Five Tips For Successful DIY Tablet Solutions

Five Tips For Successful DIY Tablet Solutions

Tablet applications are now the new normal for the office. A recent survey of FileMaker Pro users, conducted by FileMaker, Inc., revealed that businesses are using custom database solutions to automate all kinds of business processes across all departments.

Furthermore, businesses are using tablet applications to “mobilize” workers inside the building or across the company campus as often as they are mobilizing field sales forces and technicians.

 

Early adopters of tablet applications are achieving tremendous productivity advantages, including reducing paper, saving steps for employees, cutting processing costs, and improving customer service.

 

With the push to get tablet applications to market as quickly and cost-effectively as possible, many smaller businesses and entrepreneurs are going the Do-It-Yourself (DIY) route–ditto to workgroups within larger businesses. They’re taking advantage of low-cost or no-cost software and DIY application development tools that help them build professional-quality, highly customized business solutions for tablets and have their solutions ready to go in a matter of weeks, not months.

 

Case in point, entrepreneur George Page runs Sea Breeze Farm, a grass-based animal farm on Washington’s Vashon Island that boasts a dairy, butcher shop, winery, cheese business and popular restaurant. He was able to use FileMaker to create several custom solutions that run on iPads and integrate his various business operations even though he had no software development skills.  Page estimates that the new solutions have made his business three to four times more productive.

 

Similarly, West Paw Design of Bozeman, Montana, a manufacturer of eco-friendly toys, beds and apparel for four-legged friends, developed a custom manufacturing and inventory automation solution that runs on iPads.  The solution has saved hundreds of thousands of dollars annually.

 

Based on what we learned from our customer survey, here are five tips to keep in mind when taking on a DIY tablet application project.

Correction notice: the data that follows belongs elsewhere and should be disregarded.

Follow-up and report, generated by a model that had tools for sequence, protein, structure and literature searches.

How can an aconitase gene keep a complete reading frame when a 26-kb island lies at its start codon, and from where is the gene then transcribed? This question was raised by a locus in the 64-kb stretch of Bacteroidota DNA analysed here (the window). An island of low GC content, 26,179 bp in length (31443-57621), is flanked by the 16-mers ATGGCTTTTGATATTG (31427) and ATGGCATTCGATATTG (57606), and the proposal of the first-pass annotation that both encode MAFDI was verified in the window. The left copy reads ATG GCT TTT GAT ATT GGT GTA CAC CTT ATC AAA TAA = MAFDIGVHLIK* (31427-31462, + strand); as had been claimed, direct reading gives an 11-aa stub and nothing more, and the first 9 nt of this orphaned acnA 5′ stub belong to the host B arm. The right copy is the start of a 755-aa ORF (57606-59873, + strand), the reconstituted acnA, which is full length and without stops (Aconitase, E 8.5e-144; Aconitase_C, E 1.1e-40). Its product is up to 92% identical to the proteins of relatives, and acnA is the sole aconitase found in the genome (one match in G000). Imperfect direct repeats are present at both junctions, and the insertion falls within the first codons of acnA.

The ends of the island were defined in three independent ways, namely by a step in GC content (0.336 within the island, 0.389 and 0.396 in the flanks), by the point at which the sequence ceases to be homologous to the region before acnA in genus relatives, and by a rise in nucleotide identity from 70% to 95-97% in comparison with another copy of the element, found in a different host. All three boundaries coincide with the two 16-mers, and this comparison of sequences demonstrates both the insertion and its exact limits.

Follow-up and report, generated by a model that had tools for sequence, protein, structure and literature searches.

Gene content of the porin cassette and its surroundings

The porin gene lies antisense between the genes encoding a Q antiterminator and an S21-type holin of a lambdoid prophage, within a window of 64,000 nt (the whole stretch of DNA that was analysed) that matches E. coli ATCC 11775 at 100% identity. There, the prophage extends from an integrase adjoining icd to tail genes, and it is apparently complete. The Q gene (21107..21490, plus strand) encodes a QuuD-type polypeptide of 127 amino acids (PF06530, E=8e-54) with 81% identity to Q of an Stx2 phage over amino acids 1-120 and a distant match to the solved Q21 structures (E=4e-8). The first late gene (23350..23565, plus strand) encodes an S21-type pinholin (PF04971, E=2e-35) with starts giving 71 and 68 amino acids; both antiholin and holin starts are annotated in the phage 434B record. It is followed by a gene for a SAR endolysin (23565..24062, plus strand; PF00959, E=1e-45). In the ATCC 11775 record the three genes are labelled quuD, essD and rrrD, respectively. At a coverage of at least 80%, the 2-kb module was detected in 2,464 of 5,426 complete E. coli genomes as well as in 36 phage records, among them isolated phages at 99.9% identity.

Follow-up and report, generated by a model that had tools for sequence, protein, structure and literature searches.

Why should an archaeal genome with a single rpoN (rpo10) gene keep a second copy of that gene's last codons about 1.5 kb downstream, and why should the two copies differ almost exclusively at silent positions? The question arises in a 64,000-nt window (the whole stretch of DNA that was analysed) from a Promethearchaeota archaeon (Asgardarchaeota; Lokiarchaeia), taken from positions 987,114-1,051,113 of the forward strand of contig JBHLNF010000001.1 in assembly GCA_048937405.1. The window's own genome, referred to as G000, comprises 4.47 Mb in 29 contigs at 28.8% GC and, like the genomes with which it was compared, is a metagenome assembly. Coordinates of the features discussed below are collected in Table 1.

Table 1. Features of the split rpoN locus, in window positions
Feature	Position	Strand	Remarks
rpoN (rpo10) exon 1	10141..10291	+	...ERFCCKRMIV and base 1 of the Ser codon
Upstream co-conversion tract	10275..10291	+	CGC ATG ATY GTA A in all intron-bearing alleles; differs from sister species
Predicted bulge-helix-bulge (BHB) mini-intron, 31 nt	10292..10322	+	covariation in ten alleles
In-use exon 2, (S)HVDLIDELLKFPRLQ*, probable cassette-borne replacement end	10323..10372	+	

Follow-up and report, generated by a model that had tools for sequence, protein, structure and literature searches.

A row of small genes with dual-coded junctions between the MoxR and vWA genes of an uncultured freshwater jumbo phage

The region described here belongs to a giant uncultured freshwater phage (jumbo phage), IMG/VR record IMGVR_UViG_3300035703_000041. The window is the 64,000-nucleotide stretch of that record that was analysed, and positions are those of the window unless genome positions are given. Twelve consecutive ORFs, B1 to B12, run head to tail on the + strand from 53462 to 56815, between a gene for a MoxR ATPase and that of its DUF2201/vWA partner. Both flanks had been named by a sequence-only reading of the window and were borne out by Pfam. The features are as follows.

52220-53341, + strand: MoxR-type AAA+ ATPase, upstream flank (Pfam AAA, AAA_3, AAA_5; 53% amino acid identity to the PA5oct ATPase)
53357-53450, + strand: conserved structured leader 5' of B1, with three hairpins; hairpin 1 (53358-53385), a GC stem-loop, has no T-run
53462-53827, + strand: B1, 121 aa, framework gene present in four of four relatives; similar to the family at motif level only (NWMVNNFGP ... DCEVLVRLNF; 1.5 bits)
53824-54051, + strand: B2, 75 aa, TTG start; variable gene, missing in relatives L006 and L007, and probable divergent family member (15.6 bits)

It’s All about the Data: For the most part, solutions for tablets mobilize data for businesses whether it’s on your manufacturing floor, in the barn, in the showroom, or in the field.  So, make sure you pick a tool that enables you to create your mobile database quickly and to connect easily to all your data sources–ideally without programming.  In addition, you shouldn’t require a dedicated database administrator to manage your application once it’s up and running.

 

Think Good Design First:  Plan to take full advantage of tablets and their operating systems, particularly iPads and iOS, when designing applications for the devices. Don’t just duplicate desktop solutions and assume they’ll look and run well on mobile devices.  In fact, employees simply won’t use your tablet application if it isn’t as attractive or functional as their consumer apps. Nor will they use your application if it doesn’t make their lives easier by simplifying or replacing the tasks that they perform daily.

 

Don’t Forget Security:  Security of data on mobile devices is an ongoing challenge. A good, simple starting point is to use a tool that includes a server-based database with a separate application that feeds your data to the tablets.  Your data is protected at the server level and, more importantly, it isn’t left on the mobile devices for scrutiny by unauthorized viewers.  You also want to be able to take advantage of the built-in security features of whatever operating system your tablet uses.

 

Build. Rinse. Repeat:  By definition, a great tablet application is never finished.  You’ll want to be able to update it, refine it with suggestions from employees, add new data sources, and so on; all quickly–and without having to call in a programmer.

 

Why Reinvent the Wheel?  You can learn a lot from what other businesses have done.  If you choose a tool that a lot of people are already using, you can often pick up ideas from them or even solutions that they’ve shared in the public domain (see examples at Made for FileMaker). In addition, well-established tools usually have acquired third-party-developer communities. Professional developers can provide extra help if you decide you need it–and some even have specific expertise in building solutions for your problem or industry (or, you can pick up free tips by reading their blogs). There are a lot of great ideas out there.  You’ll never be alone if you pick a popular tool.

So, what are you waiting for?  Go for it!

Ryan Rosenberg

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